Wellington, Alexander Turnbull Library, MSR-28, formerly MS Papers 1620 (Margaret M. Manion, Vera F. Vines, and Christopher de Hamel, Medieval and Renaissance Manuscripts in New Zealand Collections (Melbourne, London and New York: Thames and Hudson, 1989), no. 158); rental of the Italian abbey of San Gregorio, Rimini, Italy, c.1487.
This is a twelve-page memorandum dated 22 August 1487, written in a beautiful italic hand by a Brother John Matthias of Bologna. It concerns the repossession of land because of unpaid rent or the absence of direct heirs. The book comprises three parchment bifolia. Each of these has been attached individually to the parchment cover by long stitches (see the discussion of Auckland Libraries, Sir George Grey Special Collections, Med. MS G.127 and Alexander Turnbull Library MSR-03, in our Script & Print articles, pp. 202-7). There is some evidence—extra holes in the fold that serves as “spine” of the book—to suggest that the stitching that is visible now is not original, though it does seem that a similar kind of archival sewing technique has been replicated in the later repair/resewing. The binding could of course be later than the document itself, but not much later: to survive in such a good condition, the six folios would always have needed some protection.
There is evidence that the materials used for compiling this little book were prepared as for a “ledger”: that is, the leaves and the cover have been folded at the centre (to allow for book-keeping uses) though the rental itself is single column. The outer face of the cover has been used for calculations over the years. Manion, Vines, and de Hamel identify the arms of the Olivetan (Benedictine) order, roughly drawn on the outside of the upper cover. Additionally, a set of concentric circles have been scored into the parchment of the inner face of the upper cover. We cannot account for this, but have seen it on similarly bound books elsewhere, for example, Westminster Abbey MS 34/5, an Oxford student’s notebook, also limp bound, also from the last quarter of the fifteenth century.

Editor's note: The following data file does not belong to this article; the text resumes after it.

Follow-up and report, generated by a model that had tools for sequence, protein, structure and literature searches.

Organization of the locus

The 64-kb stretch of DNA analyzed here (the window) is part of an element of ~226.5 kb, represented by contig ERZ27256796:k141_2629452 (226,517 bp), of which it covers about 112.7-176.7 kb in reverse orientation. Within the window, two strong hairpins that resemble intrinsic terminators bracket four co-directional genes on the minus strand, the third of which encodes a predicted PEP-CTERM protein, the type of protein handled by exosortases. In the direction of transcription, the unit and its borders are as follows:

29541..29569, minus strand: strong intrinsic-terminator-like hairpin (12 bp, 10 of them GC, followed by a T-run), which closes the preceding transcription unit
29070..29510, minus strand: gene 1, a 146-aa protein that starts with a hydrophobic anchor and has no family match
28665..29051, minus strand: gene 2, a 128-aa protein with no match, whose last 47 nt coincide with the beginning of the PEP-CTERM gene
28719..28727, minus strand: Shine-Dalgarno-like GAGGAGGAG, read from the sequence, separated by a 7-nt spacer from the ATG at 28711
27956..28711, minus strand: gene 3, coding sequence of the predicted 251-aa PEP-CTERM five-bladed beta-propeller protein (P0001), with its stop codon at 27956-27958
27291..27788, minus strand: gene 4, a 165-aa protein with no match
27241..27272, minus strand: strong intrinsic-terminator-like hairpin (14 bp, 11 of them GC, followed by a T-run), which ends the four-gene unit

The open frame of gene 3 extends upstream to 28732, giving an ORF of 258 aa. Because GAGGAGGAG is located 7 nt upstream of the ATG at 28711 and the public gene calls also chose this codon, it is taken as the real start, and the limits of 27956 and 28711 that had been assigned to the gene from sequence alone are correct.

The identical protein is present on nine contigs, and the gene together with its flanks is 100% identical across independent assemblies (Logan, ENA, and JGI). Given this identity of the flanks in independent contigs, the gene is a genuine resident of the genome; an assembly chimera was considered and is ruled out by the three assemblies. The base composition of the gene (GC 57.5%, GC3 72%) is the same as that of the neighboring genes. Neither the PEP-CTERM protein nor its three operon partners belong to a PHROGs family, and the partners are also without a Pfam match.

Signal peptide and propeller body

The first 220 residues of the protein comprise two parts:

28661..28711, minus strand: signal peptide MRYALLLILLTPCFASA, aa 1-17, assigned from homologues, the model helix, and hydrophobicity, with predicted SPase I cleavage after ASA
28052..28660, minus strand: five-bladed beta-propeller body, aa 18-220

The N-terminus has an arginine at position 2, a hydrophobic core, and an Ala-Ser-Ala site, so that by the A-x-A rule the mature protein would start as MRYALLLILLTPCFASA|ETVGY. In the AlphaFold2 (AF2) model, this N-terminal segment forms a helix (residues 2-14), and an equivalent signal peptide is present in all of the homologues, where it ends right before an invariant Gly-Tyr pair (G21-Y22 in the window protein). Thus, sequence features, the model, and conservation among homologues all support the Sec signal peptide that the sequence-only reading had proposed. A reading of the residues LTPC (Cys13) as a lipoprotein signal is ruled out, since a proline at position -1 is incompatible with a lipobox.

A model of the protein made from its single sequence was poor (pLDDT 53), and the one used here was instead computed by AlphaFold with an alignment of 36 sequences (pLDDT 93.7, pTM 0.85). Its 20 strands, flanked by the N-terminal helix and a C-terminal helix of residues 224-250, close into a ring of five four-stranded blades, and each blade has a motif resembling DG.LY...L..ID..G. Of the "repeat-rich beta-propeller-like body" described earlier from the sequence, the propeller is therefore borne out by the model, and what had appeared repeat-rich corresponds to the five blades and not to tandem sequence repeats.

There is only limited literature on archival or “stationery” bindings on small documents of this kind, almost all of it by conservationists. Such bindings must have been a very common way for people to encounter textual material in the Middle Ages. Texts-in-progress and short texts that had yet to find their way into larger miscellanies probably began their lives as just such simply-bound manuscript “booklets”.
Images here are reproduced by kind permission of the Alexander Turnbull Library; thanks especially to Ruth Lightbourne for her assistance.
 J. A. Szirmai, The Archaeology of Medieval Bookbinding (Farnham: Ashgate, 1999), 309-11, discusses ledger bindings in detail, but this term describes a particular species of archival binding not seen here. For useful examples from the same period as this book, see Holly Robertson, “Spanish Archival Bindings, 1300-1800,” accessed 1 June 2012, http://www.ischool.utexas.edu/~hollyr/portfolio/spain/archival-bindings/2004-16.html#se.
 Pamela R. Robinson, ‘The ‘Booklet’: A Self-Contained Unit in Composite Manuscripts’, Codicologica 3 (1980), 46–69; Alexandra Gillespie, “Medieval Books, Their Booklets, and Booklet Theory,” English Manuscript Studies 16 (2011), 1-29.